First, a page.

There’s a lot to think about when starting a Coworking or shared workspace. We’ve compiled a list of the top ten things to do before plunging into the game.
In this article:
1. Do Your Research!
Study the market up and down, inside and out. Read up on successful single and multi-site workspaces. Know which shared workspaces are in your area and what they offer. Understand the different leasing options and consult with a both a legal and tax professional before signing any contracts or agreements.
Connect with the leaders of industry associations and local workspace operators. There are a plethora of blogs, resources, studies and content libraries available along with in-person groups and associations such as the Global Workspace Association, Alliance Business Center Network, The Business Centre Association, and Global Coworking Unconference Conference. Registering as a member to these groups and attending their events will introduce you to a world of new friends and valuable business contacts. You never know what relationships and partnerships can arise from meeting new people! Sharing your business plan and getting insightful feedback from experienced operators will help you reposition your proposition.
3. Solidify Your Business Plan
Establish the vision and set the goals of your Coworking business. Determine how you will differentiate your workspace and what you will offer to customers that your competition can’t. Make a list of services and overhead you’ll require, from technology to staff, and start getting an estimate of what the costs will be. From there, determine an opening and maintenance cost for a determined period of time. Calculate the investment you’ll need to get off the ground and amount of revenue you must make each month before you break even. Having a clearly outlined business plan will help you get funding and investment. It will also keep you accountable to your own plan when the business seems to take over. You will need a well-structured business plan to present to a bank when you apply for a loan. Your business plan should include a detailed marketing, operations and financial plan as well.
4. Establish your Value Proposition
Coworking spaces are rampant nowadays, from the smallest towns to bustling cities across the globe. If you plan to open a new one it’s in your best interest to clearly define your value proposition to prospects and customers and how you differentiate from the crowd. This requires drilling down into your target market and executing a marketing strategy and corresponding tactics that communicate your services to the world. As the way people work continues to change along with the speed of dynamic technologies, differentiating your workspace by the quality of services and human attention you provide gives you a competitive advantage against longtime players that have lost their edge after years in the market.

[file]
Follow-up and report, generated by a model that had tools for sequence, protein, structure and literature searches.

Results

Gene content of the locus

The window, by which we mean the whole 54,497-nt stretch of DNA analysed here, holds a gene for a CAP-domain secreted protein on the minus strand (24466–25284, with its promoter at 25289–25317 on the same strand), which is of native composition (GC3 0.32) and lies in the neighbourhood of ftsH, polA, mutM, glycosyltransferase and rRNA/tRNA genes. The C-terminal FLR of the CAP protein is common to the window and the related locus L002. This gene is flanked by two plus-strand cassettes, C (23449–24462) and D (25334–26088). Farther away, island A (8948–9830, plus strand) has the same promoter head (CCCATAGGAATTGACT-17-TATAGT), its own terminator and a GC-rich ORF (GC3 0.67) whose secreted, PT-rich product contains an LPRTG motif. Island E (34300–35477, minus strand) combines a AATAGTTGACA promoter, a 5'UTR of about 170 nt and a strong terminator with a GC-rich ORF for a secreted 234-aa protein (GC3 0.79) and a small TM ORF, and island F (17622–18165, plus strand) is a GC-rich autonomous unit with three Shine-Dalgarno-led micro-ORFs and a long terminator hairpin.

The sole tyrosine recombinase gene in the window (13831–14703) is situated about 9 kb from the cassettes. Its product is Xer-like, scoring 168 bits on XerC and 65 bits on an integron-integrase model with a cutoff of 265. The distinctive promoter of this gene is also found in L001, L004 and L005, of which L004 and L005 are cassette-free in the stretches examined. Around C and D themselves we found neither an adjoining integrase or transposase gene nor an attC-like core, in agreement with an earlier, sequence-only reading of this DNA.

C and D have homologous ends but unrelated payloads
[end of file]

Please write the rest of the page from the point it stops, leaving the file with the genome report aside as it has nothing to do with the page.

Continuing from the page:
5. Talk with local Governments and Chambers of Commerce
A recent trend in the marketplace is the increased implication of governments and area Chambers of Commerce in bolstering small business in local communities. Because Coworking spaces offer an environment where businesses can grow and flourish it follows that it is mutually beneficial for the two to forge a relationship between the two. A chamber of commerce provides resources and advice to startups and small businesses and can equally serve as a great way to get exposure for your Coworking space. Local governments want to see business flourish in their areas to offer opportunity to the people in their communities. Coworking spaces may be able to secure funding and advertising exposure via local government offices. The local economic development department in your city or town may be able to help you get started.
6. Hire the Right Staff
The best approach to managing your shared workspace – aside from seamless operations and smart finances – is to focus on delivering high-quality services to your members. To do this, you must staff your workspace with people who demonstrate good social skills, compassion, and hospitality. Remember that you get what you pay for. When starting a coworking space, you’ll need a community manager to curate the workspace experience for your members, be their main point of contact, and help them feel at home. Good people don’t come cheap. Money-aside, however, it’s important for your team to feel a sense of ownership to your brand and vision. Once you’ve got the right people in the right places, invest in their training of customer service and management skills that distinguish their interactions with your coworking members.